Rat Art – Living In The ’80s



[Christy] Rupp and I live in the same building in lower Manhattan, just a few blocks south of City Hall, where the most reactionary mayor in New York’s recent history delivers the city over to powerful real estate developers while city services decline and our poorer citizens are further marginalized. The combination of the Reagan administration’s cuts in federal programs to aid the poor and New York’s cynically manipulated housing shortage has resulted in a reported 30,000 homeless people now living on the streets of the city. The hard and brutal conditions of these people’s lives can be imagined by observing the few of them who spend every evening in the alleyway behind our building competing with rats for the garbage left there by McDonald’s and Burger King. Mayor Koch was publicly embarrassed in the spring of 1979, when the media reported the story of a neighborhood office worker attacked by these rats as she left work. Such an event would certainly have been routine had it happened in one of the city’s ghetto districts, but in this case the Health Department was called in, and their findings were rather sensational: the vacant lot adjoining the alleyway contained thirty-two tons of garbage and was home to an estimated 4,000 rodents. But they also found something else, even more difficult to explain to the public. Pasted to the temporary wall barricading the vacant lot from the street were pictures of a huge, sinister attacking rat, reproductions of a photograph from the Health Department’s own files.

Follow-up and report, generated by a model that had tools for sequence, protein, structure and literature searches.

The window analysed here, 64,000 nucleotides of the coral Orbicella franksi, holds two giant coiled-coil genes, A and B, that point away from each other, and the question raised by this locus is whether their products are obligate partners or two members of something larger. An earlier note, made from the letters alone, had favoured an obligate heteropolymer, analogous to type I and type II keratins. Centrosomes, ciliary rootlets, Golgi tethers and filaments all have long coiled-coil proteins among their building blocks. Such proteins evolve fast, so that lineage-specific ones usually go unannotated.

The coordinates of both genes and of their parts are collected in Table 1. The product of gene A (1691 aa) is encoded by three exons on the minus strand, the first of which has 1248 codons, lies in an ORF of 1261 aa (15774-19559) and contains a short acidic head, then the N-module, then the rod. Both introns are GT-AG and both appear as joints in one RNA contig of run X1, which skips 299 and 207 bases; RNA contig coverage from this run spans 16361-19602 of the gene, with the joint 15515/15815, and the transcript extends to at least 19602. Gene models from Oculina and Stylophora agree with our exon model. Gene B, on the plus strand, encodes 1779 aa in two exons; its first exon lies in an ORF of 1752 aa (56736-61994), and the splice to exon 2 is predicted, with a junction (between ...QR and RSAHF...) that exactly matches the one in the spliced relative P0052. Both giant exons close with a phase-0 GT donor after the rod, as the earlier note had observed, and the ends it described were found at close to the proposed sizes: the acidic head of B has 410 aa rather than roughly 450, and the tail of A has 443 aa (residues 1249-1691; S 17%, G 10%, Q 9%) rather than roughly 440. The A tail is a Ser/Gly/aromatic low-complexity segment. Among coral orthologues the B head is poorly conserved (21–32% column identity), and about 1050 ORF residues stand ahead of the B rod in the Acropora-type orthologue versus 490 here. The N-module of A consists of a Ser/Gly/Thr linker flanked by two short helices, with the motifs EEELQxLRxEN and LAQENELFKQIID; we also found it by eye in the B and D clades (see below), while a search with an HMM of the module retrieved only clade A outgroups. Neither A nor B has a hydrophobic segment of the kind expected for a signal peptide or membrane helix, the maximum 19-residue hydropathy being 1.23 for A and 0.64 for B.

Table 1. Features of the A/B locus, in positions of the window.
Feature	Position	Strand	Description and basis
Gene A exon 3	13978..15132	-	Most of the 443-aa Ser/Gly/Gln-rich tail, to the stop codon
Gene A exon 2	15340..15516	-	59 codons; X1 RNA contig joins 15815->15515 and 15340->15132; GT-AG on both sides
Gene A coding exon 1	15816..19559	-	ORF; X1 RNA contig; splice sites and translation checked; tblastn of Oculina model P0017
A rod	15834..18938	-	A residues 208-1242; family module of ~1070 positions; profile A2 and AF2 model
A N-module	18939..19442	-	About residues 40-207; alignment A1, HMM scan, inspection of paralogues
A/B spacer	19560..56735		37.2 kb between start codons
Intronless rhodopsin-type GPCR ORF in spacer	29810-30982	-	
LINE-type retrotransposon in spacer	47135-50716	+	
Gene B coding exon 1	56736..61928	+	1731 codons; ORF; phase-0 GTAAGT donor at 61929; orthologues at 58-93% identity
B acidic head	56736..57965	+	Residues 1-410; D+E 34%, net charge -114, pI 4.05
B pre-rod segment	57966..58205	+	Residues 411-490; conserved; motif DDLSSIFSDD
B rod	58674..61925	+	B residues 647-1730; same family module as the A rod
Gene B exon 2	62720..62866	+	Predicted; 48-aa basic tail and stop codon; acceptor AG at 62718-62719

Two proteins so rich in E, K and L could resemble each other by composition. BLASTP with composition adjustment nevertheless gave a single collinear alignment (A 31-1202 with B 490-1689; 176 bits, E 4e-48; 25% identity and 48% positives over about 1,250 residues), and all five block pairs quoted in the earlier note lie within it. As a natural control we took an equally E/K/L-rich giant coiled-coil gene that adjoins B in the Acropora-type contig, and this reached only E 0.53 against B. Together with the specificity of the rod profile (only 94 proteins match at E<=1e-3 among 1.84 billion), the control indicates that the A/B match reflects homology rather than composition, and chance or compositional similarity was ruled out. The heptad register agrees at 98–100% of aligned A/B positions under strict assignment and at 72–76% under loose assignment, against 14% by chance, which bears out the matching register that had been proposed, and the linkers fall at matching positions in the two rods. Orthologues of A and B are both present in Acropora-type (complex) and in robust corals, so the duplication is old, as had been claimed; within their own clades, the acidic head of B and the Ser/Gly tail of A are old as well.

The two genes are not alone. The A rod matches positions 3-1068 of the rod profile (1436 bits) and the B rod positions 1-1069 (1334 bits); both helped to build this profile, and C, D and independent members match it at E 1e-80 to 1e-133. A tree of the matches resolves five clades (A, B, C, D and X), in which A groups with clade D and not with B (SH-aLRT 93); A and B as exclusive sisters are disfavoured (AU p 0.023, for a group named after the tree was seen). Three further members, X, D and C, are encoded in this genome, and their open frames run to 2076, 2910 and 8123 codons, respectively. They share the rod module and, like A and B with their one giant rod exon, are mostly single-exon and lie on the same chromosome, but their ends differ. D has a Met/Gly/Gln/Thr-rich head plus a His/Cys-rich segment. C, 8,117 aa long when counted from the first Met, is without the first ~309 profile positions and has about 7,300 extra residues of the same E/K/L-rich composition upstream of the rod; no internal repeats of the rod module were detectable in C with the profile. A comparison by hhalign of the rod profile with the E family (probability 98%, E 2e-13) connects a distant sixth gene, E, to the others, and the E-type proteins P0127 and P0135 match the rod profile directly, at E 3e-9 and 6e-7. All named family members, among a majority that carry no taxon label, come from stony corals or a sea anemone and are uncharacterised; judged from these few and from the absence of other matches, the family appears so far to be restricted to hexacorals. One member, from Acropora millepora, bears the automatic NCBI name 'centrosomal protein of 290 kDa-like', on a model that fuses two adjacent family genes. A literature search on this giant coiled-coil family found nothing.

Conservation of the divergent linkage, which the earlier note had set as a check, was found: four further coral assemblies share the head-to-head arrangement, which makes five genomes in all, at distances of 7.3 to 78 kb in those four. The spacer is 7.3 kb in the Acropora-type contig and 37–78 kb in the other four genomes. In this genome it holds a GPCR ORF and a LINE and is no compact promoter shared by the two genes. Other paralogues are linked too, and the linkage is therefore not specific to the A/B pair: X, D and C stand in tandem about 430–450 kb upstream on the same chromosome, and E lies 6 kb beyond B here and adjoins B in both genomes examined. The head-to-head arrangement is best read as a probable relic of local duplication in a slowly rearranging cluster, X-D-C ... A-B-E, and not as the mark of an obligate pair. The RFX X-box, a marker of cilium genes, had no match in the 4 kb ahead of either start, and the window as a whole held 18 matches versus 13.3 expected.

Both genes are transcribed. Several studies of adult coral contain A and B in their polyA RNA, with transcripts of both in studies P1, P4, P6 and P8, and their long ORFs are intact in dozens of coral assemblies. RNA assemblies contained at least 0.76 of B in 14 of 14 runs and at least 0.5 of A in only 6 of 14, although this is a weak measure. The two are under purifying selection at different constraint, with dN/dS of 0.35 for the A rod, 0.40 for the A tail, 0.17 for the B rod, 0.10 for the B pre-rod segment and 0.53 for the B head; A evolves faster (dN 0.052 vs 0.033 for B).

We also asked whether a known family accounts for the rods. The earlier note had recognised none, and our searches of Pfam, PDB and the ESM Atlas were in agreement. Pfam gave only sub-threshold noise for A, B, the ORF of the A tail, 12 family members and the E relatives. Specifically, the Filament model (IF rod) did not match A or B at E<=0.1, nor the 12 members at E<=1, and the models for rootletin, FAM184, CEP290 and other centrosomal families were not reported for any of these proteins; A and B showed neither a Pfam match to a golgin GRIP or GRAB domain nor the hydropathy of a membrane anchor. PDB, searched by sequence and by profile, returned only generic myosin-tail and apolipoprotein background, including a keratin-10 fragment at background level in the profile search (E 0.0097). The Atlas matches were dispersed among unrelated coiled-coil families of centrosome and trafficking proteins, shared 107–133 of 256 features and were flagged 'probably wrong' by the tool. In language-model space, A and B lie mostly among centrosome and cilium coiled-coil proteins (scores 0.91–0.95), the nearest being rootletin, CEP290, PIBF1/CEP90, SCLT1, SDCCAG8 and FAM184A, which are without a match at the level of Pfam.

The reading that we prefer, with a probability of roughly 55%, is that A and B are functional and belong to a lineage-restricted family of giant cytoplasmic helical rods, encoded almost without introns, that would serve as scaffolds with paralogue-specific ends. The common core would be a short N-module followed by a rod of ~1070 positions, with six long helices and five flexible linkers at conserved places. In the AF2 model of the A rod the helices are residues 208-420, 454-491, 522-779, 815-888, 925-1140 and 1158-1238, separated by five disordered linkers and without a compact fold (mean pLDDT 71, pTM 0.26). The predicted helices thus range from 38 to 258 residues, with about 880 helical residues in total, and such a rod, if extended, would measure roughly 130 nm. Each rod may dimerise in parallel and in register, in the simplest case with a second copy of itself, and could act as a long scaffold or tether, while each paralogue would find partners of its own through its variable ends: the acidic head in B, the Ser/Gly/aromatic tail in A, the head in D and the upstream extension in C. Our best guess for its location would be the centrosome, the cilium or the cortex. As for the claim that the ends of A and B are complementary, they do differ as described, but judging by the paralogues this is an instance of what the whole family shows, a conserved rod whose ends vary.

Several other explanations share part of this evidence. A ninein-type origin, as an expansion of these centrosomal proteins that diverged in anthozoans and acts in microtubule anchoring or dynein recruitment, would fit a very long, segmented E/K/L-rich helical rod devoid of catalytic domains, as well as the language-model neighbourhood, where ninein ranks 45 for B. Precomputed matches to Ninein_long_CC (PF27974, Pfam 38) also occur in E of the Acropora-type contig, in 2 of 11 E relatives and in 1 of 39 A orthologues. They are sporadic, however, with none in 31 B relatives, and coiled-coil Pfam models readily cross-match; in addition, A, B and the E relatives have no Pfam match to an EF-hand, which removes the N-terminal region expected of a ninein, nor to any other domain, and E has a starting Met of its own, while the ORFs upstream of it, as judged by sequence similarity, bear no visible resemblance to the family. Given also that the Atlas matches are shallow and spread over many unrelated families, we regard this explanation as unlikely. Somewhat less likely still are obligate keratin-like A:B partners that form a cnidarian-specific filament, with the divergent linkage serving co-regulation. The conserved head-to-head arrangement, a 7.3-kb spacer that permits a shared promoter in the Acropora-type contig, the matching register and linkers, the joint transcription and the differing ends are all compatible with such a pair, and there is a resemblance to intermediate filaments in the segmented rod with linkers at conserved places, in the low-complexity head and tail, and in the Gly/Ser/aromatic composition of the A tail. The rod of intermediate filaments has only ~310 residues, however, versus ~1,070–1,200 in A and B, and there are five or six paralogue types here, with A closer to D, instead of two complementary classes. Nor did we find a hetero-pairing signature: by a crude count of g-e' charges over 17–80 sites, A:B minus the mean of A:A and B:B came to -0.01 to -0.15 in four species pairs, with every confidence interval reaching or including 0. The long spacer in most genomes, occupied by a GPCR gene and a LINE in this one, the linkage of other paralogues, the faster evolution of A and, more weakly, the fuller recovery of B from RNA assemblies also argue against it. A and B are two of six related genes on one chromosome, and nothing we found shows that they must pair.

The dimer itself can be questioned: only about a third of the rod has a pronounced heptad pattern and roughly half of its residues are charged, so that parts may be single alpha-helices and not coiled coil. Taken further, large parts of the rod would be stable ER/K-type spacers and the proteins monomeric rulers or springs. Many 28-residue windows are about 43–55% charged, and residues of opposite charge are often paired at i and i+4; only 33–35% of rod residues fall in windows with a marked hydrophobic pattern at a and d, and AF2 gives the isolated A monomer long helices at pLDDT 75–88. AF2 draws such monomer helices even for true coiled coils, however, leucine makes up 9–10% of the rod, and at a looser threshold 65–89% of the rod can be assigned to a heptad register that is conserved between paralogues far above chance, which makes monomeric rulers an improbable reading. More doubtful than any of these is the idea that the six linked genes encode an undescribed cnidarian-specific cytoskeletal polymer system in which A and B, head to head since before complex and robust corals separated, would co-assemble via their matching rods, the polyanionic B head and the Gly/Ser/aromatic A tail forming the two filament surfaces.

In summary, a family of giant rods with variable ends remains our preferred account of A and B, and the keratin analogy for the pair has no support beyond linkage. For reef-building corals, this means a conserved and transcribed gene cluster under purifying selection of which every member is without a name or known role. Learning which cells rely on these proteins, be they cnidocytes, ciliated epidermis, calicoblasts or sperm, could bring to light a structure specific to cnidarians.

–Douglas Crimp, “The Art of Exhibition” (1984)

Benjamin H. D. Buchloh, . . . who teaches art history at the State University of New York at Westbury, defends the propaganda materials he has selected for this exhibition by, among other things, attacking the late Alfred H. Barr, Jr., for his alleged failure to comprehend “the radical change that [modern] artists and theoreticians introduced into the history of aesthetic theory and production in the twentieth century.” What this means, apparently, is that Alfred Barr would never have accepted Professor Buchloh’s Marxist analysis of the history of modern art, which appears to be based on Louis Althusser‘s Lenin and Philosophy. (Is this really what is taught as modern art history at SUNY Westbury? Alas, one can believe it.)

Hilton Kramer, quoted in Douglas Crimp’s “The Art of Exhibition”
October, Vol. 30. (Autumn, 1984)

We have here yet another example of [Hilton] Kramer’s moralizing cultural conservatism disguised as progressive modernism. But we also have an interesting estimation of the discursive practice of the museum in the period of modernism and of its present transformation. Kramer’s analysis fails, however, to take into account the extent to which the museum’s claims to represent art coherently have already been opened to question by the practices of contemporary — postmodern — art.

Douglas Crimp, “On The Museum’s Ruins”
October, Vol. 13 (Summer, 1980)

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